The facts: Albert Costa wins in five tough sets
In 1995, on clay court, facing Thomas Muster was the ultimate challenge. The Austrian had earned his nickname of “Musterminator”, accumulating 40 consecutive wins and triumphing at Roland-Garros for the first time. For Albert Costa, on August 6, the challenge was even bigger, as not only did he play against Muster in the Austrian’s backyard, in Kitzbuhel, but he also faced him in the final, and the powerful left-hander had won his last 24 finals on clay. The last man to have defeated him in a clay court final was Karel Novacek in Munich in 1990. Meanwhile, the young Spaniard had lost his first two ATP finals, both in 1995, in Casablanca and Estoril.
However, Costa had at least two good reasons to believe in his chances. The first one was that, despite having been destroyed by Muster in the Estoril final in the spring (6-4, 6-2), he had been the only player to push him into a fifth set during his run for the Roland-Garros title. The second one was that the Austrian’s 40-match win streak had recently come to an end, when he lost to another young Spaniard, Alex Corretja, in Gstaad (7-5, 6-1). Interestingly, Corretja, a close friend of Costa, played a similar game, using a lot of topspin, a one-handed backhand and running around his backhand as often as possible.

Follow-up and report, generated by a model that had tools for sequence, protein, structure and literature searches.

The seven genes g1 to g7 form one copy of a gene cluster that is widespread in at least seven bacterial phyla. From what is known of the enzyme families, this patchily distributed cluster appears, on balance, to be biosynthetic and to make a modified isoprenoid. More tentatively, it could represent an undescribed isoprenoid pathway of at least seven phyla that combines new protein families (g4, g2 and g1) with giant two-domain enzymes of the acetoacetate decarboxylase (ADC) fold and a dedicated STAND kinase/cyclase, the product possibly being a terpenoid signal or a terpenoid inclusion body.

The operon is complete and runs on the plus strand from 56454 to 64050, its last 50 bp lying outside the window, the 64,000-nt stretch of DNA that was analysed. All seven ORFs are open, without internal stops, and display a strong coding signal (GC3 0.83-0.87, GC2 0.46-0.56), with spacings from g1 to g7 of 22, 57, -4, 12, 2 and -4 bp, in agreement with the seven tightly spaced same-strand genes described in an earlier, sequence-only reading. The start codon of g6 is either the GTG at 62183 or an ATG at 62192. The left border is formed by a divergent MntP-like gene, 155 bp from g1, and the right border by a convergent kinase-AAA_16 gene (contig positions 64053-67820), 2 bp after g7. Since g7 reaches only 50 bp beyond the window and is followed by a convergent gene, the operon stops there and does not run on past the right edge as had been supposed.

At the time, many tournaments, despite not being Grand Slams, had their final played in a best-of-five set format, and Kitzbühel was among them since 1986. Since then, three finals had been played in five sets, but Costa and Muster were about to play the fourth one. After more than three hours of a tough contest from the baseline, with both players using their massive topspin to keep the opponent at bay before running him around, Costa prevailed (4-6, 6-4, 7-6, 2-6, 6-4) and claimed his maiden ATP title.
What next? Costa would win the French Open while Muster would become world No 1
In total, Albert Costa would claim 12 titles throughout his career, all of them on clay. His career would peak in 2002 when he would unexpectedly triumph at Roland-Garros, defeating several tournament favourites such as Gustavo Kuerten, Alex Corretja and Juan Carlos Ferrero in the final (6-1, 6-0, 4-6, 6-3). The following year, trying to defend his title, he would make his way into the semi-finals after winning four five-set matches, spending more than 21 hours on the court before being defeated by Ferrero (6-3, 7-6, 6-4). He would finally hang up his racquet in 2006.
Thomas Muster would go one to reach the world No 1 spot in February 1996. He would then go on a second incredible clay-court winning streak, claiming five titles in Mexico, Estoril, Monte-Carlo, Barcelona and Rome, before he was defeated to much surprise by Michael Stich in the fourth round at Roland-Garros (4-6, 6-4, 6-1, 7-6). After a last important tournament claimed in March 1997 in Miami, where he would beat Sergi Bruguera in the final (7-6, 6-3, 6-1), and a last quarter-final run at the French Open in 1998 (lost to Felix Mantilla, 6-4, 6-2, 4-6, 6-3), Thomas Muster would slowly fade from the tour and retire in 1999. The Austrian made a brief comeback on to the ATP Tour in 2010-2011, and even won a couple of matches on the ATP Challenger Tour.